One of these days Jesus is going to appear in all his glory. No matter what your eschatological beliefs are, he is coming back; that is the point. That is his promise to us, and we live in the light of it. This is what keeps us going during these dark days. This is why we continue to love in spite of our family struggles, when we would like to give up on our marriage or when our children are breaking our hearts.
Do you ever have nights where you awake feeling tormented with all kinds of worries and fears? You can't seem to stop thinking about damaged relationships and all the things you have done that hurt others. Perhaps you fearful about your finances or what is going to happen to your children. One thing I have learned to do, in addition to praying and reading my Bible, is to remind myself that in a few hours the sun will going to come up and things will look differently in the daylight. That is a picture of what Paul is saying here. No matter how bad things may appear in the dark, one of these days the Lord is going to return and make everything right.
According to Paul, each day that passes our salvation is closer than the day before. Maybe you are thinking to yourself, "Wait a minute. Paul wrote that over nineteen hundred years ago, and he said the day is about to dawn. How could that be?" Paul lived with the constant awareness that Jesus could come at any time. It was the next and the culminating event in salvation history.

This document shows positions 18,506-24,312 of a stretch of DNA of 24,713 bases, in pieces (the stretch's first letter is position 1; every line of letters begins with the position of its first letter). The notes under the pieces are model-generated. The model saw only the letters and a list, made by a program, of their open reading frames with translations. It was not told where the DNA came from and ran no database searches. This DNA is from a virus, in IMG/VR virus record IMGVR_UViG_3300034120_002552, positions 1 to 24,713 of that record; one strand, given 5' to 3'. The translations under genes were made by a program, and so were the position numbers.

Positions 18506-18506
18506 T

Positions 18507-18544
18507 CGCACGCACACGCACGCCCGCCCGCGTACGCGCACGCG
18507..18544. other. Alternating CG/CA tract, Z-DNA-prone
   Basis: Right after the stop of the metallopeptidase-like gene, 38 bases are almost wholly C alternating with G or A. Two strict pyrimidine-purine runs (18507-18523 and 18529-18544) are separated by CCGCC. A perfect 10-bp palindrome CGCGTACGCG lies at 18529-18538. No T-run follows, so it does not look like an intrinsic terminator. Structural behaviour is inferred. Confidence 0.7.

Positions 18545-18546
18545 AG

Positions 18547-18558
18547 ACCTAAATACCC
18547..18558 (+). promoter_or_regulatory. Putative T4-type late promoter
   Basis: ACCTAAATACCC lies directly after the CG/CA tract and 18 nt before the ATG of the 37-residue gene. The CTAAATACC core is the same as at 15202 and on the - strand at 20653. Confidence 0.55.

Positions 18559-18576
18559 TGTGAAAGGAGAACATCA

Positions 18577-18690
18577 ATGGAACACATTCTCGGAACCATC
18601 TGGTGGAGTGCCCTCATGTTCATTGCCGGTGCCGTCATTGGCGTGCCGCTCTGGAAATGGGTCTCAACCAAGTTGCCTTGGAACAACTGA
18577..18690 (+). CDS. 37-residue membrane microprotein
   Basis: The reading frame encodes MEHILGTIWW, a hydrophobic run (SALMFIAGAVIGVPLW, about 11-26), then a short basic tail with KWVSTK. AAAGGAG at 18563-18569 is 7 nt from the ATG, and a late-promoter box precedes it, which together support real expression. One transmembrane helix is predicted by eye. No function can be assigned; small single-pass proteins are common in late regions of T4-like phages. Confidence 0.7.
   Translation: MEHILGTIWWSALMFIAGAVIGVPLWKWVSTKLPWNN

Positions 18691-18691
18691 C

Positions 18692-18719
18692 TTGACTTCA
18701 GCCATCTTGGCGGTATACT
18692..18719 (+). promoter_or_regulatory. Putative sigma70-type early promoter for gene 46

The Bible divides history into "this age" and "the age to come." The age to come was initiated by Jesus. At the present, those two periods overlap. And so we wait expectantly for the Second Coming, when that old age will finally end. There is also a sense in which the apostle Paul knew that at his death, that would be his Lord's coming for him. And in that sense the night is nearly over for every one of us. How far away is the Lord's coming for you? If I achieve the average life expectancy for males in this country, I have about 25 years left. Every day I am one step nearer to home. It's time to wake up because salvation is nearer to us now than when we first believed.
It isn't enough to understand the time; we have to behave accordingly. Paul now issues three appeals, stating each one both positively and negatively.
The night is almost gone, and the day is at hand. Let us therefore lay aside the deeds of darkness and put on the armor of light. (13:12)
The first appeal concerns our clothing. Understanding what the time is, what should we wear? The picture here is that we not only need to wake up and get out of bed, we need to get dressed, too. Rise and shine! We need to get of our pajamas, our nightclothes (the deeds of darkness), and put on clothes suitable for the day. And the appropriate dress for the believer is military dress, because the Christian life is not a snooze, it is a battle. In verse 14, Paul says that it is Jesus Christ whom we are to put on. He is both our adornment and our protection. He is both our defensive and offensive armor.